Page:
Arraignment Today / Reporter Also Charged
BRANSTON, MO - In the wake of a surprising string of events surrounding the re-entry of an American spy satellite, a Missouri man, Mr. Eldon Thurmond, has been charged with animal cruelty by local officials.
Thurmond, a neighbor of Mrs. Esther Hensley, whose cat Sniffles was struck and buried by the 7-ton satellite while scratching in a sandbox, faces multiple criminal charges after authorities found he had been maintaining a highly charged electronic fence around his property to ward off Mrs. Hensley's 117 cats.
“'Scare tactic,' my ass. He had 50,000 volts running through that thing,” said Deputy County Sheriff, Thomas Pierson. “Several of the personnel involved in the satellite investigation and cat round up received substantial burns and electrical shocking from the fencing, and requested hospitalization.”
“Do you mean, ‘required hospitalization’? a reporter suggested.
“Well, that, too,” said Pierson, “but they specifically asked, ‘Can you take me to the hospital?’”
Lawyers for Mr. Thurmond claim their client has every right to defend his property, while city attorneys seek to enforce a local ordinance stating homeowners cannot possess a public hazard, or harbor anything that constitutes a danger to the public. The Thurmonds were removed from their home and placed in custody.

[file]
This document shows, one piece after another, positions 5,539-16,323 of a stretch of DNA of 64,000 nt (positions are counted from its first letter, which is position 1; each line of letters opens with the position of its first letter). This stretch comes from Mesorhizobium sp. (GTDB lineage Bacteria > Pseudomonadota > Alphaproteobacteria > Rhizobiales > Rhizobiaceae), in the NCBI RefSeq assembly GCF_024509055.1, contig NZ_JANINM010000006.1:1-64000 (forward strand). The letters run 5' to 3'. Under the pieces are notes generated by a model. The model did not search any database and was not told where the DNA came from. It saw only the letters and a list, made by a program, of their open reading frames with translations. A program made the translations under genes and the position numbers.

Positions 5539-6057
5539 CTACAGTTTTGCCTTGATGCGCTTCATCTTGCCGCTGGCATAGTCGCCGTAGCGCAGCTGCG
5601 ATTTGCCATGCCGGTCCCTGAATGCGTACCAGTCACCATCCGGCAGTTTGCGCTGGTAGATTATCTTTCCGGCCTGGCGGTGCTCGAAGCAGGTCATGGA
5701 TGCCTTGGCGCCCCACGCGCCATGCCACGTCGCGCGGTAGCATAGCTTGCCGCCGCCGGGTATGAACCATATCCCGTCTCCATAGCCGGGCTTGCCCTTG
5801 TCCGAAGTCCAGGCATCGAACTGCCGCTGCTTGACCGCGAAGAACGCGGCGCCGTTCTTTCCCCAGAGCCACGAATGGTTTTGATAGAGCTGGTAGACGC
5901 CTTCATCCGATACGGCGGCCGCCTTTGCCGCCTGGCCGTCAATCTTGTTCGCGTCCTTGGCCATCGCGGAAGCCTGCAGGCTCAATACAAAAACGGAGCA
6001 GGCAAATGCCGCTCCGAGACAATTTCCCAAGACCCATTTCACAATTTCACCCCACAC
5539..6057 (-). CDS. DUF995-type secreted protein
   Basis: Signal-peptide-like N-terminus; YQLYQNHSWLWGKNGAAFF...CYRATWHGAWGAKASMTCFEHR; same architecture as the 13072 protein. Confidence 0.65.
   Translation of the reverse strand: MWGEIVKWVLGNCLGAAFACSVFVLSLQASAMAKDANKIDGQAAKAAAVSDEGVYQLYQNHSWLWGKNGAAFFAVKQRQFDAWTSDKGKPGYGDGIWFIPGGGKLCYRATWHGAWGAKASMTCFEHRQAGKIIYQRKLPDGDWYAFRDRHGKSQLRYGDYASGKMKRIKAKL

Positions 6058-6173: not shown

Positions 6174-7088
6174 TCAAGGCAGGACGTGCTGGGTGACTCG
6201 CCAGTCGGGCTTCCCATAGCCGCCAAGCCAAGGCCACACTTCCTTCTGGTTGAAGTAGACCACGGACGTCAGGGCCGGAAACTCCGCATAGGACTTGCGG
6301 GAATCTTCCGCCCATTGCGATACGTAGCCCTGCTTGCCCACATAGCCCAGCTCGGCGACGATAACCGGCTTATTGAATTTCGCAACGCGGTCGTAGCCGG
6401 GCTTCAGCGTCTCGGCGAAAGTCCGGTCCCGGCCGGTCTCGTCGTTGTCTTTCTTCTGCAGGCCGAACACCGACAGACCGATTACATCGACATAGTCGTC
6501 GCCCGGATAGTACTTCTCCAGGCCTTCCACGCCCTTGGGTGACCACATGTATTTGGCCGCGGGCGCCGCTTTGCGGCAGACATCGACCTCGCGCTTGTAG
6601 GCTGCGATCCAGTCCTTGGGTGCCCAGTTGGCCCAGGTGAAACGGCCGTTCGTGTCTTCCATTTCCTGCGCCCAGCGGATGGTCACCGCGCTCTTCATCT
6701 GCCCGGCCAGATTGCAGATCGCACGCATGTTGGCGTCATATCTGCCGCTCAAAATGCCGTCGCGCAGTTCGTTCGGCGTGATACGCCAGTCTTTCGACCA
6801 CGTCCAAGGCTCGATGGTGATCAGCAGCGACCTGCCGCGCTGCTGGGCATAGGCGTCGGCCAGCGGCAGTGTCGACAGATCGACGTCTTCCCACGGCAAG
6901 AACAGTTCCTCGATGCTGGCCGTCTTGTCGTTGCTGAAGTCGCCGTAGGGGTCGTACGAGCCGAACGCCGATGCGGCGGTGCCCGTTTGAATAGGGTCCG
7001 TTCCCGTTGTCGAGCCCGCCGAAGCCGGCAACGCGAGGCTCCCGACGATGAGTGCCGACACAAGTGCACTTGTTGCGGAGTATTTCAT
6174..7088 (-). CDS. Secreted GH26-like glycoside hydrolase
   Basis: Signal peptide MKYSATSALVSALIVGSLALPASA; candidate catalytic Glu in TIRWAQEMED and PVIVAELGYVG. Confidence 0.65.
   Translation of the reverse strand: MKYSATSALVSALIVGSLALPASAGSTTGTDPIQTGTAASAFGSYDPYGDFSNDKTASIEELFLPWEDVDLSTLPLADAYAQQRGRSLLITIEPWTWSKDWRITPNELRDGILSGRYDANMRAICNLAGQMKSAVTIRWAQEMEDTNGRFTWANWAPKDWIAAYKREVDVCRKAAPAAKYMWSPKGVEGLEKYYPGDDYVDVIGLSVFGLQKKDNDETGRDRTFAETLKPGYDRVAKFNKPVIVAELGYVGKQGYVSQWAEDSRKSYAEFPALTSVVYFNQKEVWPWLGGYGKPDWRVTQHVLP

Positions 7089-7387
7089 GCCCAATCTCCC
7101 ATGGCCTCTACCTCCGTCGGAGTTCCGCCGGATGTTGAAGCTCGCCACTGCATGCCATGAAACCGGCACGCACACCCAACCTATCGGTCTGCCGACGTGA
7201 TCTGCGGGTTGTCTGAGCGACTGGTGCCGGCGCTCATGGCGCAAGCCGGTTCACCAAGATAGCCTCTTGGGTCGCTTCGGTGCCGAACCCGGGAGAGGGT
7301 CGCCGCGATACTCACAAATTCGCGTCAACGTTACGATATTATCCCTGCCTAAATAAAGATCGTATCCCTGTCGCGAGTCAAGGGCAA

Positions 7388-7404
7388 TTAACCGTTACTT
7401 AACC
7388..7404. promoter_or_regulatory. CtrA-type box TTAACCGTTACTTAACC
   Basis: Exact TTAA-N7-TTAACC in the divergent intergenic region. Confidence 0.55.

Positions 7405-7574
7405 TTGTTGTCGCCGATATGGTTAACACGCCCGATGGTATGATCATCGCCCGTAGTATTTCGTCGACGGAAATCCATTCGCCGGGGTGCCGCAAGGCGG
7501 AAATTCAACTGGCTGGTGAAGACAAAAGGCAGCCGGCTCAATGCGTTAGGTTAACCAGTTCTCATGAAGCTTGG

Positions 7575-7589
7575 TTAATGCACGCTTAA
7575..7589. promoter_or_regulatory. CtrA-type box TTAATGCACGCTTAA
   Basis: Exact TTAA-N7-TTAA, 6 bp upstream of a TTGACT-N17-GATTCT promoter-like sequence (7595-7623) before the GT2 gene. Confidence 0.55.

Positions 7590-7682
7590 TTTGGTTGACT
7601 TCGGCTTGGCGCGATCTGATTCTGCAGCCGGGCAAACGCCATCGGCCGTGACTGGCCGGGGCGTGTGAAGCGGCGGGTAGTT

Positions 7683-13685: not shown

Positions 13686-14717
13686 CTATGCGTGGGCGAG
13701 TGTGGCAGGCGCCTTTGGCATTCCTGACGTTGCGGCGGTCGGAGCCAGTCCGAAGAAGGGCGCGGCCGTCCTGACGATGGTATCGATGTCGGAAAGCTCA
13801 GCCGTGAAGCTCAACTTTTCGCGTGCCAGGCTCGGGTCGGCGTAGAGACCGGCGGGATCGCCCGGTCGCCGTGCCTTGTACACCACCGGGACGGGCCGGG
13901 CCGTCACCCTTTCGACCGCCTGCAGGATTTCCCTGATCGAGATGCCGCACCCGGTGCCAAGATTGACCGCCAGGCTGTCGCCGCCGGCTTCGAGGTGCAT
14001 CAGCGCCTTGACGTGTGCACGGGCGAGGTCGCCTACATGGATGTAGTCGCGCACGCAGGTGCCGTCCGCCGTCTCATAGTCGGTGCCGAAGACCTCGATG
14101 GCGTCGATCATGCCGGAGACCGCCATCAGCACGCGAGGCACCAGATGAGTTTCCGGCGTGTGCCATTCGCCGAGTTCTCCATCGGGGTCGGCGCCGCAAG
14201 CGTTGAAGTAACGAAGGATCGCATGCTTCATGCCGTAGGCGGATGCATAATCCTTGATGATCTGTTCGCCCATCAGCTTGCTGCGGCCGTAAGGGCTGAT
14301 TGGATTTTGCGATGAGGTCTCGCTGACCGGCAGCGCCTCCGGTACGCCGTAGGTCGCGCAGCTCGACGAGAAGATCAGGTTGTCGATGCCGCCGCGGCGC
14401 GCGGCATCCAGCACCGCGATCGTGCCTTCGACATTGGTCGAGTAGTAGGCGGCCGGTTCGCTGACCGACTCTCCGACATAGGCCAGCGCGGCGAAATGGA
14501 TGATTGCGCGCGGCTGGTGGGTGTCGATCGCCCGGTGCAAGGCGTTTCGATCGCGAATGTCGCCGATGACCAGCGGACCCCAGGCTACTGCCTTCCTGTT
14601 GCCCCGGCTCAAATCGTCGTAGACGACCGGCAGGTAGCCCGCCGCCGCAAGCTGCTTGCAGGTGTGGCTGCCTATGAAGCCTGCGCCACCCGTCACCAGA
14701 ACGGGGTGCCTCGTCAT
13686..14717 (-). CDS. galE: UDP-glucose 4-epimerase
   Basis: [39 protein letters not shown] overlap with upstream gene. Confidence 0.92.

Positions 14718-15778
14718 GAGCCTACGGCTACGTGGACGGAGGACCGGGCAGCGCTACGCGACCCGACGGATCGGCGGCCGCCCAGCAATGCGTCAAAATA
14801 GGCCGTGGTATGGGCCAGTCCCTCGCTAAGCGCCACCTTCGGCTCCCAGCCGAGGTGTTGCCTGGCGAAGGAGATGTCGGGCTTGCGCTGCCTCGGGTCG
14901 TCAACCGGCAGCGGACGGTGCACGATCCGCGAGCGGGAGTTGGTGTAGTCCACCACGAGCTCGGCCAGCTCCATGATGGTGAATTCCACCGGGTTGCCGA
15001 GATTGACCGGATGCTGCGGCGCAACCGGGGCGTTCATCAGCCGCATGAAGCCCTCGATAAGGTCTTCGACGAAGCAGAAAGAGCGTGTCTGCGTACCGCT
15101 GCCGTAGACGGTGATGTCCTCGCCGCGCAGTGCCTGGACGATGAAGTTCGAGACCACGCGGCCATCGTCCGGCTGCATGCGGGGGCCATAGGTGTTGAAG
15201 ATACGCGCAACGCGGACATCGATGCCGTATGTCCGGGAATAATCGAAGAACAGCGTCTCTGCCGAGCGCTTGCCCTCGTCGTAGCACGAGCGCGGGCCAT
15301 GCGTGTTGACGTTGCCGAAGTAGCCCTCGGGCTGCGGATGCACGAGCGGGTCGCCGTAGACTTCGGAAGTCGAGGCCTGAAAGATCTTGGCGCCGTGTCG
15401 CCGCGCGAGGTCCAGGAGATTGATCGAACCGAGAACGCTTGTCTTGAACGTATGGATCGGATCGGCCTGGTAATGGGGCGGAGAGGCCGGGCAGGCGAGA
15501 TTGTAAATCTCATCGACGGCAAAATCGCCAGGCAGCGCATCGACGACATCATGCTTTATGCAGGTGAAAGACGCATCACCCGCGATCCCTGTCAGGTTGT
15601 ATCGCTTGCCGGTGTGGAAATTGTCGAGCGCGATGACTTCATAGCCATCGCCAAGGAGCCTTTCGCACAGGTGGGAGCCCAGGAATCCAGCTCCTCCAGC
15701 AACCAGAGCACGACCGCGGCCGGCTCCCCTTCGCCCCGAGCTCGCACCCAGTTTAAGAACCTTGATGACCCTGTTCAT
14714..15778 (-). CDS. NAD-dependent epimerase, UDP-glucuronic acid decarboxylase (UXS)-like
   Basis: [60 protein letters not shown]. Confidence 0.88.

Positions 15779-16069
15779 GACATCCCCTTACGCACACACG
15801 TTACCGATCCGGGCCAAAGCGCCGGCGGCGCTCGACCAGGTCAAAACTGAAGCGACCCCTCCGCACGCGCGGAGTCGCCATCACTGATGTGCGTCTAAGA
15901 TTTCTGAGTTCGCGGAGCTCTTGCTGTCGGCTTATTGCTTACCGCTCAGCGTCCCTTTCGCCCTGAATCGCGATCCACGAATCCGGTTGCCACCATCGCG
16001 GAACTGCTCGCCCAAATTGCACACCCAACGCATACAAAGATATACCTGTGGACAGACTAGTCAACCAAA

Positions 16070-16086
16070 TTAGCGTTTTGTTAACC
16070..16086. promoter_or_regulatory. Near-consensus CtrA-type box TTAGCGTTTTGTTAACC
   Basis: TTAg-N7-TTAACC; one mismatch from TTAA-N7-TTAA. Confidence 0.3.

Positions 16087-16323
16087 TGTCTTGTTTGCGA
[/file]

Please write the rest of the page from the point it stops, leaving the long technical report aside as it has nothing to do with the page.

Mr. Thurmond was incensed at his arrest, claiming, “If you were the one stepping in cat shit every time you turned around, you’d do something, too. I’m an electrician. It’s the only thing I could come up with.”
“Let’s use some common sense here,” said Mayor James Hardly. “First a cat gets hit from space, out of the blue, then Mrs. Hensley gets evicted, then we had that cat chase fiasco with all those people going to the hospital that made us the laughingstock of Missouri, and now this. I say it’s (this story has) gone too far.”
In a related development, police responded to a call from the town’s newspaper, the Branston Dispatch, after a reporter covering the story attacked her editor with a large meat cleaver. The reporter, whose name is being withheld, was subdued by law enforcement officers and taken into custody.
The editor, Preston Sargent, was treated for cuts to his forearms and face, and released.